Here Donne transforms his engraved signature to a death’s-head, an “anatomy,” in another skeletal reference, and, in later verses, as a talisman to ward off other would-be-lovers pursuing Donne’s beloved after his death. Even more contemporary poets use the memento mori topos; see Billy Collins’ “Memento Mori”:
There is no need for me to keep a skull on my desk,
to stand with one foot up on the ruins of Rome,
or wear a locket with the sliver of a saint’s bone.
The conventional seasonal labor for August is wheat threshing; that’s when the wheat reaped in July, briefly dried in the field then stacked in small bundles or sheaves, before being gathered into larger shocks, tied, and brought to a barn (sometimes a dedicated three-walls-and-a-roof threshing barn) where it was beaten with a flail to force the dried wheat grains off the stems. Grain had to be dry before being stored or milled; damp wheat often resulted in fungus, even the dreaded ergot. Threshing was sometimes continued into the autumn and even winter, when working inside was a convenient escape, and thereby allowed summer’s harvest to continue without interruption.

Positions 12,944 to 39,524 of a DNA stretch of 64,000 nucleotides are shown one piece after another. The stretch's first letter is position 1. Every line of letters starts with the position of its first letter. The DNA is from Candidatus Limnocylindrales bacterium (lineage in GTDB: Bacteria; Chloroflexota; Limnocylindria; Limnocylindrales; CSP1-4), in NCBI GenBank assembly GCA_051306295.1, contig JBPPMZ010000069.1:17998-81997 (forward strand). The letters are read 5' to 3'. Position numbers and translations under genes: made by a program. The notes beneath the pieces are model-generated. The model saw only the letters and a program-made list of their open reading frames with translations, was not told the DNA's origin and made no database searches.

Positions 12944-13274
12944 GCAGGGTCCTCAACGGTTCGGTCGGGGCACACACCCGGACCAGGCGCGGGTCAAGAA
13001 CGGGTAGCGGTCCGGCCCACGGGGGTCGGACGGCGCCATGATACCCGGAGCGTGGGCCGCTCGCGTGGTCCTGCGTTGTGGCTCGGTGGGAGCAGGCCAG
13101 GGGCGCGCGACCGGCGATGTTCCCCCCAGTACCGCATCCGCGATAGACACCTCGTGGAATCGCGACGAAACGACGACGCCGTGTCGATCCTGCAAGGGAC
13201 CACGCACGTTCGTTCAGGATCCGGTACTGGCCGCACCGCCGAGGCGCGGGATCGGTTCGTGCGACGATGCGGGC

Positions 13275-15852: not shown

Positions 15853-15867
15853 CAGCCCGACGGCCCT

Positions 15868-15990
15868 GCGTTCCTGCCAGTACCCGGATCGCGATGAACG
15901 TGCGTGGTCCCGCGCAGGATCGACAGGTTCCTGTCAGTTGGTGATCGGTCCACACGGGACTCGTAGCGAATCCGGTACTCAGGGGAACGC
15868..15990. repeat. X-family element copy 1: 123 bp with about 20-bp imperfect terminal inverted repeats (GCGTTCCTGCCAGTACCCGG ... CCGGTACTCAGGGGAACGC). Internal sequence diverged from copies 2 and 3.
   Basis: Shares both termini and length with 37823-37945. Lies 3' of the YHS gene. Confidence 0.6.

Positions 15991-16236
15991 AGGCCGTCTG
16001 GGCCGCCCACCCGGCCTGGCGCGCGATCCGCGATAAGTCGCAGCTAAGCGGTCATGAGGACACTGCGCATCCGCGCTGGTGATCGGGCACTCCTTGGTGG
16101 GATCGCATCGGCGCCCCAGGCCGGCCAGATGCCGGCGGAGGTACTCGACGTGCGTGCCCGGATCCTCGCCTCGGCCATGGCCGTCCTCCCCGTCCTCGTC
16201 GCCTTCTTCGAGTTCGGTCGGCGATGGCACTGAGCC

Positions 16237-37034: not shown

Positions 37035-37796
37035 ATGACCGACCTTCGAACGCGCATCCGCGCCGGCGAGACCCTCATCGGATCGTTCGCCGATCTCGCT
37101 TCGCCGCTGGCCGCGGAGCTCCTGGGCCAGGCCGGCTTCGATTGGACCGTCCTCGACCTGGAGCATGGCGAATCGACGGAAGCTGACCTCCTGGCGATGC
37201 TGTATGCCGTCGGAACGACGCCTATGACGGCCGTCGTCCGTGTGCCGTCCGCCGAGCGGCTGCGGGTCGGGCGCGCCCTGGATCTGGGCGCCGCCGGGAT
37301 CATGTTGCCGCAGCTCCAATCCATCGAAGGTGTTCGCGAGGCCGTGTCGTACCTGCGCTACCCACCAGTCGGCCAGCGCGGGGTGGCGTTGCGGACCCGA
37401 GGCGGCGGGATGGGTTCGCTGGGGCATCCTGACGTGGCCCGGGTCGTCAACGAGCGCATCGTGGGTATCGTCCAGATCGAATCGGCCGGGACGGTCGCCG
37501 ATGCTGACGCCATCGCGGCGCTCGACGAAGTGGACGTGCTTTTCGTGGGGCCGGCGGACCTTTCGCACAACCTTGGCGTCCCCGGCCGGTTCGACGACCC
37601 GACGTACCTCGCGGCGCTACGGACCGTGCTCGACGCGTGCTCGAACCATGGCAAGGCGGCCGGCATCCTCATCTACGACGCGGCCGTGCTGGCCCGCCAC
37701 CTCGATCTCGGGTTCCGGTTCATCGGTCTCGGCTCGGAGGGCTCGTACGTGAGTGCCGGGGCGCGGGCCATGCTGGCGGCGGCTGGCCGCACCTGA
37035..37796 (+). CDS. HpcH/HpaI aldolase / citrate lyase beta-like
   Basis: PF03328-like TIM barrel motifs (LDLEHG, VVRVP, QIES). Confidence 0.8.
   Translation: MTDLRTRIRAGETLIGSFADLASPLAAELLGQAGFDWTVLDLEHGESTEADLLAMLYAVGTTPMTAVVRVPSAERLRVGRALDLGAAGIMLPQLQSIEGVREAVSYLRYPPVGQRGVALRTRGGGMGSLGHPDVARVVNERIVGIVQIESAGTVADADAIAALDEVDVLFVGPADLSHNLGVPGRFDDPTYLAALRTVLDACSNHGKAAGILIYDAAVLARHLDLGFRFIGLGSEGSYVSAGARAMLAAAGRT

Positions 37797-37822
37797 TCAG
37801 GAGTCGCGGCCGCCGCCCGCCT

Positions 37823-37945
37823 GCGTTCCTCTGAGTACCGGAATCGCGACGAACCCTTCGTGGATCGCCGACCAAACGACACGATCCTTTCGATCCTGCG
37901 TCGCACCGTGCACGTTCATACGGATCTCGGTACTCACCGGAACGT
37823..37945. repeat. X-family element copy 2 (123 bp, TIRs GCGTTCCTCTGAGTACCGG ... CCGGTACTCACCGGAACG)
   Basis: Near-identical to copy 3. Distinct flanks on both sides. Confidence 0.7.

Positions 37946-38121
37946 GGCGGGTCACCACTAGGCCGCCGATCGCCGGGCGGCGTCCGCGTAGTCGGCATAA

In this detail from the Trés Riches Heures of Jean Duc de Berry calendar page for August (Musée Conde MS 65 F. 8v) you can see the Duke’s Château d’Étampes in the background; the tall tower in the center is still extant. Below the château you can see a wagon being loaded with shocks as one peasant bundles sheaves to form the upright-shocks. On the right, another peasant bundles sheaves into shocks while a third swings his short-handled sickle to cut down the last of the wheat.
In the lower half of the detail an aristocratic hawking party is in progress. In the front the falconer, on foot, with two birds on his wrist, and a lure tied to his belt. The lure, made of a pair of birds’ wings that a choice tidbit could be tied to, was used to train birds to return to the hand. Once the bird brings down live prey, the lure is used to “lure” her back to the end, and dogs (see the two in the image above) retrieve and bring the prey back to the hawking party.